Total Leadership Revisited

Almost 10 years ago I heard an interview on NPR with Stewart Friedman regarding what was then a new book called Total Leadership. At the time I was nearing the end of a long recovery from burnout.  Total Leadership was one of the better books for helping me achieve better balance in my life, and for helping me envision a healthier professional life as a physician leader.

There are two major premises in his book: 1) by integrating your professional, personal, family and community realms, finding common ground and synergy, you can be a total “leader” and achieve better work-life balance, and 2) by being your self, your whole self, and respecting the whole of others, and embracing your creativity, you will find joy and fulfillment in what you do.

Perhaps the best active advice this book provided for me were those that involved reflection.   For example, acting with integrity (being whole) sounds easy, but when you reflect on key crucial moments you may discover that the values you hold dear when calm and collected, can sometimes take a back seat when the heat is on or when things don’t go well.  If you truly value respecting the diverse views of others then you’ll listen even when emotions are high. You don’t have to agree but you’re able to acknowledge and kindly consider their perspective, which by the way takes longer than a few seconds.   Another example is honesty and trustworthiness. Most of us value these, yet, we are often dogmatic about things, which when truly dissected, the facts of which aren’t quite as black and white. In other words we aren’t as dedicated to the truth as we are our attachments to our own biases, our own perspectives.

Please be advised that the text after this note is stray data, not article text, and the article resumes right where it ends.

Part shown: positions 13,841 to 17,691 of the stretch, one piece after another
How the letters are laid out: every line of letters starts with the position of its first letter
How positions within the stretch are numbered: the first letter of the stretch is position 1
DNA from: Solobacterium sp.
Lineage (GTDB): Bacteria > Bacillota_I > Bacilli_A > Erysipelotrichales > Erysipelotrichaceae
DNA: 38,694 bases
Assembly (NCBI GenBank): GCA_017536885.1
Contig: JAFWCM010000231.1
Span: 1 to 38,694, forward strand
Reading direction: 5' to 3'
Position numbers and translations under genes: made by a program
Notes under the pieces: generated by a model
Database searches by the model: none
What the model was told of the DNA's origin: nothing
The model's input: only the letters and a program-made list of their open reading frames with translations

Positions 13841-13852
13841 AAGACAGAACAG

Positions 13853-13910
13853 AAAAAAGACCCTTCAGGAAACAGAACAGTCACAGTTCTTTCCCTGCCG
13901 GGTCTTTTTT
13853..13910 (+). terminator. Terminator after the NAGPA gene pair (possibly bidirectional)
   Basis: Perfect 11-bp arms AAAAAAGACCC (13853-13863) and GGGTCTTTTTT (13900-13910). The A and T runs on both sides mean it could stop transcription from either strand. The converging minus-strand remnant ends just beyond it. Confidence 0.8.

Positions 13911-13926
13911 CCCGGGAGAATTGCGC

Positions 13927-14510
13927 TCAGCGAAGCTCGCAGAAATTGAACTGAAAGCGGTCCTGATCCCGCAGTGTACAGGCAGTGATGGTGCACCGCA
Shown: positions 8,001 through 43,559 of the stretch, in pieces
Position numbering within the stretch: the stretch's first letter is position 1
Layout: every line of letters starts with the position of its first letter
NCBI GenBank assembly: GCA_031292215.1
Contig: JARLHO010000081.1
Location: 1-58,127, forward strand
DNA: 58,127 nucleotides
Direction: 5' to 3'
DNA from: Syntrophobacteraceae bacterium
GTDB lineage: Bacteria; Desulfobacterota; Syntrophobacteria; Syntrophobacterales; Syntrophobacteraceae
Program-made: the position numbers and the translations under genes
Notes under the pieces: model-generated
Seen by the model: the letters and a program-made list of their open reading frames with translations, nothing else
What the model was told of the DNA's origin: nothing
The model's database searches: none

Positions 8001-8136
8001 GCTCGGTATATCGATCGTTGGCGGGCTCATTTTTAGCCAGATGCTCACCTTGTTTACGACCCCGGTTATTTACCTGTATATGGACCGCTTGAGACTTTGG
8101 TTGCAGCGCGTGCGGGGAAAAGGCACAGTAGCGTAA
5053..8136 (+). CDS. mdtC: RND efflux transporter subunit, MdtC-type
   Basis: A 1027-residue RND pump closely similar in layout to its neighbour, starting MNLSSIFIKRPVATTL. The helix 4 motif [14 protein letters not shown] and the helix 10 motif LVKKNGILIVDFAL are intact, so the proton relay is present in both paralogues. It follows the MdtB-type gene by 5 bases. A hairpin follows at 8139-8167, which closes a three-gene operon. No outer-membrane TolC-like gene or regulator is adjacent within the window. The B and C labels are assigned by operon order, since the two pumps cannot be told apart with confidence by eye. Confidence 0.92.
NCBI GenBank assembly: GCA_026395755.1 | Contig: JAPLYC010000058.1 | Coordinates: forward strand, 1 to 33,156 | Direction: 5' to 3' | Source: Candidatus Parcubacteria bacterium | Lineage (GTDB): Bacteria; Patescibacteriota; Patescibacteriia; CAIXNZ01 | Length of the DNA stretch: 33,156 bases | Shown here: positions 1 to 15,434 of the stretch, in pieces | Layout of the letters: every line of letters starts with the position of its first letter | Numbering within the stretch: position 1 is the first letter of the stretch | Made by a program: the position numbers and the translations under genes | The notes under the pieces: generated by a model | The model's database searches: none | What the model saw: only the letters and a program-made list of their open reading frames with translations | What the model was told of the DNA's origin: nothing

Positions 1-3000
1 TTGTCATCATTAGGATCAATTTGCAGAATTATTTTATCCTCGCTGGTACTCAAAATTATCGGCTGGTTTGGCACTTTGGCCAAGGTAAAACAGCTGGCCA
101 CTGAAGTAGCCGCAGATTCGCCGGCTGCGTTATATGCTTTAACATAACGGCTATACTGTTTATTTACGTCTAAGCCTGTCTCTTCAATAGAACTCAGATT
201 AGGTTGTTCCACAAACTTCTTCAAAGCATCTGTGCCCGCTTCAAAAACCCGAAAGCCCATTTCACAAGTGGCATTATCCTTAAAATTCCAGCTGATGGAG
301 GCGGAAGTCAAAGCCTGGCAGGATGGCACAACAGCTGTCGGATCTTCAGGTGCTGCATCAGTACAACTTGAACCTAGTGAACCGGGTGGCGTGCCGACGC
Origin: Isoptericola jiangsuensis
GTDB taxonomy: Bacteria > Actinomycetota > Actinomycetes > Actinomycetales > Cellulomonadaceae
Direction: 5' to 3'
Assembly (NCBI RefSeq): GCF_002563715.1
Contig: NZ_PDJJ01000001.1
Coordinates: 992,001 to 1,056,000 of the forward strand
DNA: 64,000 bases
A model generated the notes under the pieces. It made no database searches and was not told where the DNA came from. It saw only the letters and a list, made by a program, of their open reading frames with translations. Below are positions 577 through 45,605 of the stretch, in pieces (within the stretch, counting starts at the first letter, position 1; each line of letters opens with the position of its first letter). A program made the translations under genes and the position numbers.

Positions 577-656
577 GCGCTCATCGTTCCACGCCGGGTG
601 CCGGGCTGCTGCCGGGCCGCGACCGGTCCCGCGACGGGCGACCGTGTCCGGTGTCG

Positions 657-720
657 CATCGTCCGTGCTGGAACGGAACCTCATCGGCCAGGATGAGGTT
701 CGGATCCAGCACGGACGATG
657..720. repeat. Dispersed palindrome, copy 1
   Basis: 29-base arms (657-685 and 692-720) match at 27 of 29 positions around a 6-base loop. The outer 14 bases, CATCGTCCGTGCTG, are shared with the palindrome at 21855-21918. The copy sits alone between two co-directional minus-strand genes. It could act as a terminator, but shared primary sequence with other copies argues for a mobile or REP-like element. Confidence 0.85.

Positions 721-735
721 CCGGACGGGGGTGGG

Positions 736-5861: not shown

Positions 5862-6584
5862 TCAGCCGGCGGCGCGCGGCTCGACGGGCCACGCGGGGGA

This last point, reflecting to get closer to the truth of things, is actually a key daily activity for beating burnout. Burnout spirals because our reality is adversely shifted by negative bias.  Be Real, Be Whole, Be Innovative and Be Reflective and you can reduce/prevent burnout.

Being innovative is more about experimenting with new ideas and new ways of doing things than it is about dreaming up the next big idea and thinking it will fix everything (remember be dedicated to the truth). True innovators are doers. Its action on an idea and learning from that action, which takes honest reflection that makes innovation truly energizing (and successful).  And energy is an antidote for burnout (and we all like succeeding).

One of the exercises described in this book is to write a vision of you as a Total Leader in 10 years.  It’s been almost 10 years and as I read what I wrote back then, I realize that I achieved the vision (mostly).  Thank you Stewart Friedman.